Is There Personality in a Textbook?
London: British Film Institute, 1997
With _The Image_, Jacques Aumont has undertaken a task which, quite possibly, cannot be accomplished: to outline all theoretical discourse concerning the image. This is no small feat, yet Aumont does a diligent, comprehensive job -- perhaps too comprehensive, for while _The Image_ covers a wide spectrum of thought, it lacks any real in-depth analysis or consistent point-of-view.
In his introduction Aumont states the objective of his project: 'a simple exposition of the current state of thinking on various aspects of visual culture across a range of discourses' (3). This simple exposition is divided into five chapters, or 'roles': the role of the eye, the spectator, the apparatus, the image, and, finally, the role of art. Breaking down the content into these five sections does cause some overlap within the book, and such an inclusive project cannot help but suffer from a lack of truly innovative thought. Yet what *is* unique about this book is Aumont's eschewal of canonical headings in an attempt to cover the widest possible range of discourse concerning the image. Philosophy, film theory, aesthetic theory, psychoanalysis, reception theory, feminist theory, laws of visual perception -- all these disciplines, usually dealt with as separate entities, are subsumed by Aumont into the whole of image theory. The inclusive nature of the project, therefore, deals with all forms of image as well, whether they be film, television, photography, painting, drawing, etc. Aumont is to be congratulated on his ability to review this vast territory so comprehensively in such a small volume, and for having the determination to take on such an overwhelming task in the first place. However, any encyclopaedic text, even the most objective, has its own point of view, and Aumont's is no exception -- whether this is a hindrance or a blessing is ours to debate.
Aumont's rigorous attempt at objectively mapping out the terrain of discourse concerning the image lacks any lasting insight or sustained depth -- in other words, it does its job quite nicely. Perhaps this judgement (not meant to be an overly harsh one, but a judgement nonetheless) is based on what I would *like* the book to be rather than what it actually is -- a textbook, plain and simple. If one wishes to remind oneself of the salient points in Bazin's 'Ontology of the Photographic Image', or to look up the difference between photopic and scotopic sight, then _The Image_ is an excellent reference tool. I found the bibliographies that end each section to be fairly detailed and also quite useful in my own research. If the objective was simply to pack as many facts into _The Image_ as one could, then I really do not have any critical response. Yet, is this all we should demand from a reference text? Perhaps to ask it (a book which is, after all, called _The Image_) to inspire the imagination, or better still, to present a radical critique of image culture, is more than its generalities can handle. One must be careful to present all sides of current debate, and Aumont does this in commensurable fashion. For example, in visual perception there is the analytical approach and the synthetic approach: 'Each of the two theories has its advantages and usefulness, and we will refer to one or the other whenever it seems appropriate' (37). What approach could be more democratic than this? Such a comfortable fence for a reference text to sit upon. Those who look for explication, brevity, and just plain old-fashioned information in a cultural theory text need look no further.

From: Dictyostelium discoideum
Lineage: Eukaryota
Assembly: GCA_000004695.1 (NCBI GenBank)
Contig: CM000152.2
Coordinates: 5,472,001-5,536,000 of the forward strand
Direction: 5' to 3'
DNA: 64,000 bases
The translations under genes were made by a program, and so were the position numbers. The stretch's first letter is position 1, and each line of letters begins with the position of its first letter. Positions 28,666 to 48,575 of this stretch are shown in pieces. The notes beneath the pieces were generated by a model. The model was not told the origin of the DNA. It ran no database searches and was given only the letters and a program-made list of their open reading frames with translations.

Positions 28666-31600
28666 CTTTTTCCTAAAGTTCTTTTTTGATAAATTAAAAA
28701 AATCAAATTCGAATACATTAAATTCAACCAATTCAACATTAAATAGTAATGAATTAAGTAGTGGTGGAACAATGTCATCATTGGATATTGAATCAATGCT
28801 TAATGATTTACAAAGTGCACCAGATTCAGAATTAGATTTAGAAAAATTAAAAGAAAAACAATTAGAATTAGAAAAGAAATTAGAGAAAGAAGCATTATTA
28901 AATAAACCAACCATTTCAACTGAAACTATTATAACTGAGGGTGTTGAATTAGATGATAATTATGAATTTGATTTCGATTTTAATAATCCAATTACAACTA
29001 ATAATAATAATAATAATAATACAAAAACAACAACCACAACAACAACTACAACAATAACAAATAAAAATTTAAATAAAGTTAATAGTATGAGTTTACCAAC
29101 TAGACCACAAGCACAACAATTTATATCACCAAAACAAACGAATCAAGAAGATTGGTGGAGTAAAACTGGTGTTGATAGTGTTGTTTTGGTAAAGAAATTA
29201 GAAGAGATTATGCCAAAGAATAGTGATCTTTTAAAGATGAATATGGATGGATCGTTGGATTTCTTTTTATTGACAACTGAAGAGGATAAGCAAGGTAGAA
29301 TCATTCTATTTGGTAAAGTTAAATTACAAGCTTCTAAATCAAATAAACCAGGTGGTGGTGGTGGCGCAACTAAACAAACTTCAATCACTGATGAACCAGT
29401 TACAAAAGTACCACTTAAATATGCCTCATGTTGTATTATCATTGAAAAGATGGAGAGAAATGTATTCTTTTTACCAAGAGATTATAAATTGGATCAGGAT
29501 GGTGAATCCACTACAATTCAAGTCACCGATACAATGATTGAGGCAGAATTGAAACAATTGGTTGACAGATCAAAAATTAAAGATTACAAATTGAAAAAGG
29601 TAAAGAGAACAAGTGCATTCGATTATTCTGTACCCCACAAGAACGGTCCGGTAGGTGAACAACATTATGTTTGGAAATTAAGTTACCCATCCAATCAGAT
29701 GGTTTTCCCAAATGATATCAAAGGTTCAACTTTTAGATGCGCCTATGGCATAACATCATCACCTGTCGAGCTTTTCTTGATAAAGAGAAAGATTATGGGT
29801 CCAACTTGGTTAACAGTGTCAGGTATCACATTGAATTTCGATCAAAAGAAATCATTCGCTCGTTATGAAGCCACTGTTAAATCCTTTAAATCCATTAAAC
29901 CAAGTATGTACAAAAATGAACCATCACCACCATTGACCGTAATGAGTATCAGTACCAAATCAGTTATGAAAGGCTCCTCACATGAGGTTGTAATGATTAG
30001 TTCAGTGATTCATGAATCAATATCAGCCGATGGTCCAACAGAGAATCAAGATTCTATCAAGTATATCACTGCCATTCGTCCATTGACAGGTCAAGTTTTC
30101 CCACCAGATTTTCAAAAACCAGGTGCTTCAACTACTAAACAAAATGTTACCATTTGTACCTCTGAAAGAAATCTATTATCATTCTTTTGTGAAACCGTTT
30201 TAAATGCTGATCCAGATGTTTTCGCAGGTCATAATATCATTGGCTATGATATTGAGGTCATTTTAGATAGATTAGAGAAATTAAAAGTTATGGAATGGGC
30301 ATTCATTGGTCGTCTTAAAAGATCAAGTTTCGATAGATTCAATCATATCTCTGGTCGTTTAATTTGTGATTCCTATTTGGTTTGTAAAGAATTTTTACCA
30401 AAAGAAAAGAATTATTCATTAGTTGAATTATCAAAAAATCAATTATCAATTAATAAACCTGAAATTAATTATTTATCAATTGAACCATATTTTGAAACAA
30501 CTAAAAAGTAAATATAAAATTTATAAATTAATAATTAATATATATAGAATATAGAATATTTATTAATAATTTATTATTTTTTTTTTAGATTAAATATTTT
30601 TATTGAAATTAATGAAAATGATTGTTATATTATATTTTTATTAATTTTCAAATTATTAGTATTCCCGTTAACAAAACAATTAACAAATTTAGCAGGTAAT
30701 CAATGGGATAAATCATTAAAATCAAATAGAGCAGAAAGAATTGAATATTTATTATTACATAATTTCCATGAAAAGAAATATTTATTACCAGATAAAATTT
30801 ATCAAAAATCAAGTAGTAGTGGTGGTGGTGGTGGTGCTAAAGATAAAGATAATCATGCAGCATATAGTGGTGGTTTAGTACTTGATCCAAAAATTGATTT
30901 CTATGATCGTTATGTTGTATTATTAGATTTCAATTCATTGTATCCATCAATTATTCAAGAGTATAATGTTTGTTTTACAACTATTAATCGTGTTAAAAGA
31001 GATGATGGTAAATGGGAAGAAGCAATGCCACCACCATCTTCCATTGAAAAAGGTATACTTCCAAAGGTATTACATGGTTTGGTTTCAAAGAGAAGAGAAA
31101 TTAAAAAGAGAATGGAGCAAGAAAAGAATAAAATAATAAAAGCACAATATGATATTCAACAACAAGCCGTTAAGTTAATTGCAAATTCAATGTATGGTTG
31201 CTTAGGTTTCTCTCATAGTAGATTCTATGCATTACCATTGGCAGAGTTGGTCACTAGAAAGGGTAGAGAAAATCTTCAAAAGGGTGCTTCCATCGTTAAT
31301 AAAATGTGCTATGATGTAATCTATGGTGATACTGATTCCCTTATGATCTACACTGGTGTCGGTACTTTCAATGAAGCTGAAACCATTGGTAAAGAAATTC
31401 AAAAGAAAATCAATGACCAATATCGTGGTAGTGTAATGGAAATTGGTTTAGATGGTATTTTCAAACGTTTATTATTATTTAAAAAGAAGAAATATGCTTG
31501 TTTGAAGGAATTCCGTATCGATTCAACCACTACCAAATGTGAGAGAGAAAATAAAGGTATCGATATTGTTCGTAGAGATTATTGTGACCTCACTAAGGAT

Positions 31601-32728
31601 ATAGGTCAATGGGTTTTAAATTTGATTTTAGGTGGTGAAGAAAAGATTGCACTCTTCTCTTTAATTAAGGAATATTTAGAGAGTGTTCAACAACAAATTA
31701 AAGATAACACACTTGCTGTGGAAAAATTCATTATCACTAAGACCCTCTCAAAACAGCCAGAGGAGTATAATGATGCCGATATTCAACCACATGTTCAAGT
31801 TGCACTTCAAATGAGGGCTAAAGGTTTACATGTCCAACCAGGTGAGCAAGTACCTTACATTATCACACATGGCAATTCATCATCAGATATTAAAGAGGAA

Rationale and clarity, then, are Aumont's strong suits. _The Image_ takes care to deliver a definitive account of thought surrounding the image, and also does well to rectify long-held yet erroneous beliefs, such as the theory of retinal persistence to explain the impression of motion in the cinema (32). Yet sound reasoning like this is mixed with a bias that is painfully obvious and at times somewhat disconcerting. Here, I am thinking primarily of Aumont's repeated reference to, and praise of Christian Metz (to whom he dedicates the book), whose work is cited no less than eleven times. I myself have problems with many of Metz's ideas (not the least of which being 'La Grande Syntagmatique') yet Aumont's attendance at his seminars alone seems to be enough to elevate him in terms of an authority figure. Also, the failure to mention the work of Jean Baudrillard in a section entitled 'Illusion, Copy, Simulacrum' (or at all, for that matter) seems highly suspect; perhaps it is not an oversight but a calculated slight on Aumont's part. Also significant is that, while Roland Barthes's _Camera Lucida_, _Writing Degree Zero_, and the essay 'Rhetoric of the Image' are generously cited, perhaps his most famous essay, 'The Death of the Author', is ignored. Still, these prejudices are what make Aumont's work so frustratingly interesting at times -- just when you think you've choked on enough factual clarity, Aumont throws in a thought or two of his own.